Blue Cross Blue Shield of Vermont had requested an increase 6.7% and MVP Health Care had requested an increase of 6.4%
Vermont Business Magazine The Green Mountain Care Board (GMCB) announces its decision regarding Blue Cross Blue Shield of Vermont’s (BCBSVT) and MVP Health Care’s (MVP) requested rate increases for insurance plans offered through Vermont Health Connect (VHC) in 2021. After a complete review, the Board decided to reduce BCBSVT’s rate request to 4.2% and MVP’s rate request to 2.7%, resulting in a total premium reduction of approximately $18.9 million. The Board denied administrative increases for both companies, while allowing small increases (0.5%) to reserves due to the current uncertainty and increases tied to medical and drug spending.
BCBSVT had requested a 6.3% average annual rate increase, which it lowered to 5.5% based on the recommendations of the GMCB’s actuaries, Lewis and Ellis (L&E), and then increased to 6.7% following the submission of hospitals’ FY 2021 budgets. MVP requested a 7.3% average annual rate increase, which it lowered to 6.1% based on the recommendations of the GMCB’s actuaries, and then increased to 6.4% following the submission of hospitals’ FY 2021 budgets.
Based on the submitted filings, there are 39,195 BCBSVT members and 36,980 MVP members enrolled in the plans affected by these filings.
“The Board recognizes that Vermont is facing a public health emergency of a magnitude not seen since 1918. Our health care system and economy are trying to adjust to the realities of the COVID-19 pandemic response, and individuals, businesses, and governments are experiencing an unprecedented level of financial hardship and uncertainty. At the same time, the cost of health care is increasing, driven mainly by rising medical and pharmaceutical costs, particularly specialty drug costs. Against this backdrop, the Board did its best to make the rates as affordable as possible given the other statutory factors it must consider”, said Board Chair Kevin Mullin. By law, the Board must consider whether a requested rate is affordable, promotes quality and access to care, and protects insurer solvency, taking into account the Vermont Department of Financial Regulation’s analysis and opinion regarding the impact the proposed rate will have on the insurer’s solvency and reserves.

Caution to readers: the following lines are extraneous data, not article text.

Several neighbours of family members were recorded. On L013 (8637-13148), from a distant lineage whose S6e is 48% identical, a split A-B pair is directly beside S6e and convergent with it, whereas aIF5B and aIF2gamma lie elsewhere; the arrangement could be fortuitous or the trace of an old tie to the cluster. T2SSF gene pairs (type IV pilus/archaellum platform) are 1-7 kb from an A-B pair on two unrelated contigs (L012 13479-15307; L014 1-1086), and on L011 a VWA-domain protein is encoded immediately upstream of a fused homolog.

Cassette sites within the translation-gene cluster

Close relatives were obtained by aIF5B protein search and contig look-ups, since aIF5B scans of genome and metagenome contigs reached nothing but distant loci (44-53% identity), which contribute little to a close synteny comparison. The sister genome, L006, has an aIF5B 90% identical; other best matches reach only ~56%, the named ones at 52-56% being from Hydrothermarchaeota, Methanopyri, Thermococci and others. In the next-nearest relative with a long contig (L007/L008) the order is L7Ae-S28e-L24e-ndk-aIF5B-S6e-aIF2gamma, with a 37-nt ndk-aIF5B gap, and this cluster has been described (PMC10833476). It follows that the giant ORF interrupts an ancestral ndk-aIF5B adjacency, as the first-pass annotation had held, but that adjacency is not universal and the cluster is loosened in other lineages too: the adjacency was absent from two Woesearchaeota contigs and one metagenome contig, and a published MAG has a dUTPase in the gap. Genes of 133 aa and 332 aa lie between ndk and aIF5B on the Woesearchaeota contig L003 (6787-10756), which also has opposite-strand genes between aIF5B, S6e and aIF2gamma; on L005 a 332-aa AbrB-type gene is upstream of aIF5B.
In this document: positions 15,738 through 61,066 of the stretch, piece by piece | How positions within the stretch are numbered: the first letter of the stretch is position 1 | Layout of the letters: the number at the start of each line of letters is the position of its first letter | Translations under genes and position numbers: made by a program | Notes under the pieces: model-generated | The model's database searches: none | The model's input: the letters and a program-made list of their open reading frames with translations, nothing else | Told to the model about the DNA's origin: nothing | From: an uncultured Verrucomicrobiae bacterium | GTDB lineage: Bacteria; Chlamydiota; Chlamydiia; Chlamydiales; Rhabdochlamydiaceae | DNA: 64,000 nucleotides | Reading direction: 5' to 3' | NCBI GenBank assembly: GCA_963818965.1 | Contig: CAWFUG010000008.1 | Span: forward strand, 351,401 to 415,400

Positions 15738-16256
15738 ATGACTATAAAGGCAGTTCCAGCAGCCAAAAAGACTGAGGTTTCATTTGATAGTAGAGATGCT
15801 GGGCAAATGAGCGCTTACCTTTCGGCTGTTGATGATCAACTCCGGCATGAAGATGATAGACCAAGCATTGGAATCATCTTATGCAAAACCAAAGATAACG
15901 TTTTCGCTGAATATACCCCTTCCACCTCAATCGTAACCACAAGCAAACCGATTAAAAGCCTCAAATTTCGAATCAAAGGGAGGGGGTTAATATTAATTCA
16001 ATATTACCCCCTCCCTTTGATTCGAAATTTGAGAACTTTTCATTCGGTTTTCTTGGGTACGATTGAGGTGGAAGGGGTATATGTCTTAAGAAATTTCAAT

These rate increases represent averages across different benefit plans with varying levels of cost sharing. The plan-level increases range from -2.6% to 11.0% for BCBSVT and -3.9% to 4.7% for MVP. Vermonters enrolled in a VHC plan may see higher or lower increases in their premiums depending on the benefit plan they are enrolled in.
When considering what plan to purchase during open enrollment, the Board encourages Vermonters to use the online plan comparison tool available at the Department of Vermont Health Access’s website to see if they are eligible for financial assistance that will offset the cost of premiums or cost sharing requirements.
Approximately two thirds of Vermonters enrolled in VHC receive financial assistance.
Between January and August 2020, VHC members have received nearly $83 million in federal and Vermont subsidies. Vermonters will have the ability to compare 2021 VHC plans starting October 15, 2020.
The rate requests filed by the insurers on May 8, 2020 were subject to a 90-day analysis and review by the Board and its actuaries and by the Office of the Health Care Advocate (HCA) as an interested party to the filing. The GMCB held public hearings via Microsoft Teams on July 20, 2020 and July 21, 2020. The Board solicited public comment on the rates in writing, by phone, and virtually at the close of the hearings and in separate public comment forum on July 21, 2020 from 4:30 to 6:30 pm. The Board received oral and written comments from nearly 1,000 Vermonters.
For questions about your health insurance or health care access, please contact Vermont Legal Aid’s Office of the Health Care Advocate at 1-800-917-7787.
Source: Montpelier, VT – The Green Mountain Care Board 8.14.2020 https://gmcboard.vermont.gov/